Eutyches asserted that Christ had only a sole nature; μονος φυσις (monos physis, “one substance”). He could not be understood as being solely divine, solely human, or as a blend of both. This, while it utterly refuted Nestorianism, still flew in the face of the then-young Trinitarian doctrine. While at first, Eutyches and his sole-substance concept had been tolerated — it helped to fend off the dual-Christ teaching of Nestorianism — eventually, the Alexandrine school found it unacceptable.
Eutyches was deposed in 449 after having been given a chance to explain his doctrine sufficiently. A number of plenary synods met and alternately deposed and reinstated Eutyches or his opponents.
Although Monophysitism had been greatly reduced, it was not eliminated by the “compromise” at Chalcedon. Initially, however, it was not problematic. It only emerged again over the next few decades.
Emperor Zeno thus faced a prominent Monophysite hierarch, in addition to whole provinces being primarily Monophysite, and was forced to act. He and Patriarch Acacius of Alexandria devised another compromise formula, called the Henotikon, to reunite the Monophysites and orthodox Christians.
Once again this compromise failed to satisfy; moreover, many clergy were offended by Zeno’s imposition of the Henotikon, without having called at least a local synod to debate it first. The next Emperor, Anastasius I, favored Monophysites although he honored the Henotikon.
Emperor Justin I reaffirmed the canons of Chalcedon in 519. Those attempting to build a separate Monophysite church found themselves unable to do so, as patronage for their efforts dried up.
Emperor Justinian I, Justin’s son, while he backed up his father’s dictates officially, was more tolerant of Monophysitism and initially, at least, unwilling to crack down on them as hard. Moreoever, his wife, Empress Theodora, was sympathetic to Monophysites, and supported some Monophysite clergy.
Eventually, however, ecclesiastical pressure — and the political reality that Monophysitism could undermine his regime — forced Justinian to deal with the issue. While he began suppressing Monophysites, however, he simultaneously extended what he considered an olive branch of sorts, by condemning the “Three Chapters.”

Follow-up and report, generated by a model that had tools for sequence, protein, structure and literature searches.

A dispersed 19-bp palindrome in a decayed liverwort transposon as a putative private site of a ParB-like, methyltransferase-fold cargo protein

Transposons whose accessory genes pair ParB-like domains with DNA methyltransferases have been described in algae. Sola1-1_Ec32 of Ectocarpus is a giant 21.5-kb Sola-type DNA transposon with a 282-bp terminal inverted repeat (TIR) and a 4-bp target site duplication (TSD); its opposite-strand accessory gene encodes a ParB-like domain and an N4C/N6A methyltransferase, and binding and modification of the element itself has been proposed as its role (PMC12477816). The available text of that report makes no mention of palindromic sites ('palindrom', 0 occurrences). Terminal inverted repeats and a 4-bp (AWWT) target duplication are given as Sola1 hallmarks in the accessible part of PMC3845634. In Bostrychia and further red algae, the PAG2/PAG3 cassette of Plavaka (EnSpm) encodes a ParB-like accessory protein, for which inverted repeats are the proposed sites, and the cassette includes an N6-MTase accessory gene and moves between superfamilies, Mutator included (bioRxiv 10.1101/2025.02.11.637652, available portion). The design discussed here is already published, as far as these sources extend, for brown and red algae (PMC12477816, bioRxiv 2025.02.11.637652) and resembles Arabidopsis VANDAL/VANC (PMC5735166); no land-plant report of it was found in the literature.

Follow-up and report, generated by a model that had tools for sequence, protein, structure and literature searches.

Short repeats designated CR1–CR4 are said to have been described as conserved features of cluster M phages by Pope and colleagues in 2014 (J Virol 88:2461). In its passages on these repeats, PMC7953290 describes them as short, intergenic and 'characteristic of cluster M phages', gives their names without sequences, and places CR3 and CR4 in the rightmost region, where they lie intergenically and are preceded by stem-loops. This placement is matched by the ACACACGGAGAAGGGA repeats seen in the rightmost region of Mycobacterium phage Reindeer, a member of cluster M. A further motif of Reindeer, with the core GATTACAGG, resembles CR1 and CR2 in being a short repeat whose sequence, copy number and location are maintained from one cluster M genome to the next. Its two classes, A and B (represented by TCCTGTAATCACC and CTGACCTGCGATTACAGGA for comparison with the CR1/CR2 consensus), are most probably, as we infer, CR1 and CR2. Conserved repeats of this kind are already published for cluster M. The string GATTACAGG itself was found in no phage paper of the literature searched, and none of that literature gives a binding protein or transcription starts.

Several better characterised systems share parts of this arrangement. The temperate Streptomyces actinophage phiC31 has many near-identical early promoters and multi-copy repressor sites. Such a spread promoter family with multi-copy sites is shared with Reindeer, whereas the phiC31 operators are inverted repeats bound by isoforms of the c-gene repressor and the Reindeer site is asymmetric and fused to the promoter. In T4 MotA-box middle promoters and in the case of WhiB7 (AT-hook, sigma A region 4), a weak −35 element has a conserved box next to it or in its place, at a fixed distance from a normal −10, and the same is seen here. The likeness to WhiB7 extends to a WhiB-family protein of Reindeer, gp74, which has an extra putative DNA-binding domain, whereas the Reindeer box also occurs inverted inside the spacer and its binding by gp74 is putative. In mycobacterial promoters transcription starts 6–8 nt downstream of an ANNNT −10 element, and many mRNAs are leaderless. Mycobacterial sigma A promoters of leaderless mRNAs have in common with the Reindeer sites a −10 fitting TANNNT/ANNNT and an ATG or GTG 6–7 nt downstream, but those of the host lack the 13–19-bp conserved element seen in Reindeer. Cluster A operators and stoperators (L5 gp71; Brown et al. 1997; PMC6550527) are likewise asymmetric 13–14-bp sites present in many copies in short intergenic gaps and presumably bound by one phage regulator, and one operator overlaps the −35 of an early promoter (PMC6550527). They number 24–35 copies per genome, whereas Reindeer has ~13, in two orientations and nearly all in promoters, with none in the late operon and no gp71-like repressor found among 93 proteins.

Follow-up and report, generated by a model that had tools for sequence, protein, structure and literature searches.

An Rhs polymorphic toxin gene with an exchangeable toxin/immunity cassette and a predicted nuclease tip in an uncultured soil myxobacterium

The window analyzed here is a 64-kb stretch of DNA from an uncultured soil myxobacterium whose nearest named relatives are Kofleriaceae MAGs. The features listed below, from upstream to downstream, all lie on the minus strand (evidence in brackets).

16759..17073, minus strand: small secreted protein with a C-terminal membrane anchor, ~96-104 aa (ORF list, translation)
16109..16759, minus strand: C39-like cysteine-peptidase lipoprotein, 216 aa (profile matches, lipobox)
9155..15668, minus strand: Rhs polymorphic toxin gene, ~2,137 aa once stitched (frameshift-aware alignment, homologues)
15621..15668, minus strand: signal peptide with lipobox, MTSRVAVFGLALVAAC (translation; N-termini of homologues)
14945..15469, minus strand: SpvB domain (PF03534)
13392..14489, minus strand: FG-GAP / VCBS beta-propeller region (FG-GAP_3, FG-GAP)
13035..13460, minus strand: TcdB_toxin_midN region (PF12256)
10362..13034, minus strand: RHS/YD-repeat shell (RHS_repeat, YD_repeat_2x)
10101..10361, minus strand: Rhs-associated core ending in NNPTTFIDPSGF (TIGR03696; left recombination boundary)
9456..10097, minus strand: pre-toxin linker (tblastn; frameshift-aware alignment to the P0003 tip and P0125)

These were: 1) the collected writings of Theodore of Mopsuestia; 2) the letter of Ibas of Edessa to Maris of Persia; and 3) the letters of Theodoret opposing Cyril. Justinian’s pretext for this was that the Three Chapters all had a Nestorian flavor. In this way, he hoped to appeal to Monophysites (who were fervently anti-Nestorian). But this turned out to have been a blunder; the Three Chapters also contained orthodox ideas and some had even been called upon as the basis of canons at both the Councils of Ephesus and Chalcedon.
Justinian’s attempt, then, at bringing the whole Church under his banner, the banner of orthodoxy, failed (just as all prior such attempts had). He was forced to convene the Second Council of Constaninople in 553. While intended to reunite Christianity within the Imperium, this Council’s results were mixed. II Constantinople confirmed all the canons of Chalcedon, but also condemned the Three Chapters.
Pope Virgilius attended II Constantinople and contributed to its resolution, mainly to ensure it upheld Chalcedon. Some western bishops, however, especially several in northern Italy (under Lombard tutelage and outside papal influence) refused to condemn the Three Chapters (since they read them as supporting orthodoxy). Their refusal to accept condemnation of the Three Chapters meant that they refused to accept the canons of II Constantinople — placing them, officially, outside of western orthodoxy. These northern Italian dioceses held out for some time, but by the end of the 7th century came back around, when the Lombards officially embraced Roman Catholicism.
For western Christianity then, the conflict was more about acceptance or rejection of the Three Chapters, than about Monophysitism. Western Christianity largely neither understood this heresy nor cared much about it. The papal excommunication of the entire east, at the end of the 5th century, was a rash and irrational act, based upon the pope’s failure to understand the heresy (very likely due to ignorance of the Greek language, in which the Nestorian and Monophysite heresies had been discussed in writing).
Pope Virgilius had entered the affair knowing that the east was divided and hoping, at the general council of II Constantinople, to emerge as a peacemaker and uniter; but it didn’t turn out this way. Had he understood the depth of the conflict — it’s clear he didn’t — he might not have bothered, or else, might have made more extensive, diplomatic efforts to do so.
Thus, Monophysitism was an eastern heresy, which as usual, western Christianity did not understand, and did not contribute to resolving, in any significant way.
Go back to Early Christian History menu.